As global temperatures increase due to global warming, ice caps and glaciers continue to melt at an increasing pace. While this reality disturbs some, it is being regarded as positive news by the UAE-based National Advisor Bureau Limited. The firm seeks to harvest icebergs in the southern Indian ocean and tow them 5,700 miles (9,200 kilometers) away to the Gulf, where they could be melted and sold to local businesses or marketed as a tourist attraction. However ambitious, the Dubai firm faces many challenges in its ambition, including opposition from environmental activists.
Phys.org reports that to accomplish the task of harvesting icebergs, the firm would send ships to Heard Island, an Australian nature reserve, and steer between massive icebergs the size of cities in search of truck-sized chunks. Then, the smaller icebergs would be secured to boats with nets and dragged thousands of miles back to the intended destination.
Managing director of the company, Abdullah al-Shehi, believes that the icebergs would not melt significantly during the voyage as the majority of an iceberg’s mass is underwater. Al-Shehi is largely excited about the payday that could await someone who successfully transports an iceberg capable of holding 20 billion gallons of fresh water to the Gulf’s region water. This is because in Norway, for instance, one distillery sells 750 ml bottles of melted Arctic iceberg for $100 each. However, ice sourced from Antarctica is the driest in the world, therefore, yields much less water. If all the permits required are obtained, harvesting will begin in 2019.
According to Robert Brears, the founder of Mitidaption, the project would require an initial investment of at least $500 million. Additionally, the firm faces a variety of obstacles. For one, Australia strictly limits access in order to preserve the diverse ecosystem of migratory birds, penguins, seals and fish that could be disrupted by large ships. Additionally, Antarctica is subject to global treaties that mandate strict environmental regulations and ban mining and military activities.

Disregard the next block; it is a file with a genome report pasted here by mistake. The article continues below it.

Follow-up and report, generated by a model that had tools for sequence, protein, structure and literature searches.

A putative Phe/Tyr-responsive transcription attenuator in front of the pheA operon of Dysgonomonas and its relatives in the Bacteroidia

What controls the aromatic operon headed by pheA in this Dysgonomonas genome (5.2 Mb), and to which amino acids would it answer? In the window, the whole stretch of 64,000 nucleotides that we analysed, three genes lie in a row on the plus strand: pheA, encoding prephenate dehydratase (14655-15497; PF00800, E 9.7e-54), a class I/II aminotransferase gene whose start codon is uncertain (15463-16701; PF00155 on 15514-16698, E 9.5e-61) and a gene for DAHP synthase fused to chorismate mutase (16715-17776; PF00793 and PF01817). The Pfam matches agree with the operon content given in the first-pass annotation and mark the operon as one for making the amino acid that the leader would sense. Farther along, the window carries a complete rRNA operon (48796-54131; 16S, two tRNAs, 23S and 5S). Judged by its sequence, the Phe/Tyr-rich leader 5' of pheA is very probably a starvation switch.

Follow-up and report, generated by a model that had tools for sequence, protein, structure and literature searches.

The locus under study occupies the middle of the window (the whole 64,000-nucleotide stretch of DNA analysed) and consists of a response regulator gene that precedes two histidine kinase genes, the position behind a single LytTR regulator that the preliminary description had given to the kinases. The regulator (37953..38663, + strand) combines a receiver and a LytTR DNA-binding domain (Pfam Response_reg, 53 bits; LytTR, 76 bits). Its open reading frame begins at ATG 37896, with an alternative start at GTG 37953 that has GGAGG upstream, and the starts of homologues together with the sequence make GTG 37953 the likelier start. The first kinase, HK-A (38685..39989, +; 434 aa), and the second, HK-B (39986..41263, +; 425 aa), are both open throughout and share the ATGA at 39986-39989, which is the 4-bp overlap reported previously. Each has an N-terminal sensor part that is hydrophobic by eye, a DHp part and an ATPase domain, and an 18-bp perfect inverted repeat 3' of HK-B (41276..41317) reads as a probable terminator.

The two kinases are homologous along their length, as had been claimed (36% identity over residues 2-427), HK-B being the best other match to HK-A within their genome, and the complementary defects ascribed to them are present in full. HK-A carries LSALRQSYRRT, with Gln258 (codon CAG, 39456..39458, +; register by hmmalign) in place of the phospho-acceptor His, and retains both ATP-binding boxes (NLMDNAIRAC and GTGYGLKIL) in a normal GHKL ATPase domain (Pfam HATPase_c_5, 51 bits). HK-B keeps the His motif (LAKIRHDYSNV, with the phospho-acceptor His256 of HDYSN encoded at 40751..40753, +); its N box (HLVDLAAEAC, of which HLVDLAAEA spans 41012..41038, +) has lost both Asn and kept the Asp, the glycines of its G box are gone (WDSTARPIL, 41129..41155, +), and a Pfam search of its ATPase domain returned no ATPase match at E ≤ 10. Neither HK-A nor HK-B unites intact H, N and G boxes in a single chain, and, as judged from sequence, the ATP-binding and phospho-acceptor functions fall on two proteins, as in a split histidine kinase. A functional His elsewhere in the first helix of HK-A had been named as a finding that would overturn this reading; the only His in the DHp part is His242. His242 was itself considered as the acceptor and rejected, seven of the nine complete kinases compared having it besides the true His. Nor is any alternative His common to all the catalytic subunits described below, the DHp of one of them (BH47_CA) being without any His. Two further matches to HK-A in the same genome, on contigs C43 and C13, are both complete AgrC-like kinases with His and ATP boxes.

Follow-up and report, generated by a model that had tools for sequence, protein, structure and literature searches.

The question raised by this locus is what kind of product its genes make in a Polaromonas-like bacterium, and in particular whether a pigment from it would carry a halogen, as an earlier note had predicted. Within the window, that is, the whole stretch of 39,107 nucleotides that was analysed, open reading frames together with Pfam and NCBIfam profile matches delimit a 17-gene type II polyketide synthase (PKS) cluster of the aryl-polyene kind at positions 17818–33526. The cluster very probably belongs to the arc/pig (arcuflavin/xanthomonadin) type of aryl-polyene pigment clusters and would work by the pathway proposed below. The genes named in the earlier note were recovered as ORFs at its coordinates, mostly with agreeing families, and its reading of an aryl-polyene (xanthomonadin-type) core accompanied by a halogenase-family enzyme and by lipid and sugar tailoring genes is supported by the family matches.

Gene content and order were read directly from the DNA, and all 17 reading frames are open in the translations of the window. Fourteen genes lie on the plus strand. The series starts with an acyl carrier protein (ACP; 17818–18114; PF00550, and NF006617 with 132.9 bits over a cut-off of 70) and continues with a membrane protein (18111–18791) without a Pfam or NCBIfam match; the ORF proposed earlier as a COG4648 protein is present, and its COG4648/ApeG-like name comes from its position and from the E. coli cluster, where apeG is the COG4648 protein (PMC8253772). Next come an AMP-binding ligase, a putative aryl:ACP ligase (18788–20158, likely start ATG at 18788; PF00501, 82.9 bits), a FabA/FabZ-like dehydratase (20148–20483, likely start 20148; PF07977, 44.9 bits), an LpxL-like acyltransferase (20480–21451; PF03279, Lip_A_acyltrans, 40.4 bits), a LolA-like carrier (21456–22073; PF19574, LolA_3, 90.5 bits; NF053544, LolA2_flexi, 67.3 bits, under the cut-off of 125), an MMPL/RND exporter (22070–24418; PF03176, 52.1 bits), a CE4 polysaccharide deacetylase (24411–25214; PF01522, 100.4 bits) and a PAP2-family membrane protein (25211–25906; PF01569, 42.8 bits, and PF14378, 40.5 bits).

Christopher Readinger, head of the Antarctic team at the U.S. National Ice Center, said, “There are thousands and thousands of icebergs drifting around and they can move without warning. Storms down there can be really brutal, and there’s really not anyone that can help.”
Environmentalists are also offering staunch resistant to the Dubai firm’s plan, as they argue there is a simpler method to address climate change in the Middle East. Examples given include drip-irrigation, fixing leaks and water conservation. Hoda Baraka, spokeswoman for the climate advocacy group 350.org, said, “This region is the heartland of the global oil industry, it will be at the forefront of experiencing these massive, insane heat waves, and there’s only one way to avoid this—reducing emissions and keeping all fossil fuels in the ground.”
Because the project is “an exceptionally futile and expensive way” to combat climate change and “seems to run counter to all ideas of climate change adaptation,” according to Charlotte Streck, director of the consultancy firm Climate Focus, the firm is unlikely to receive financing from green investment groups.
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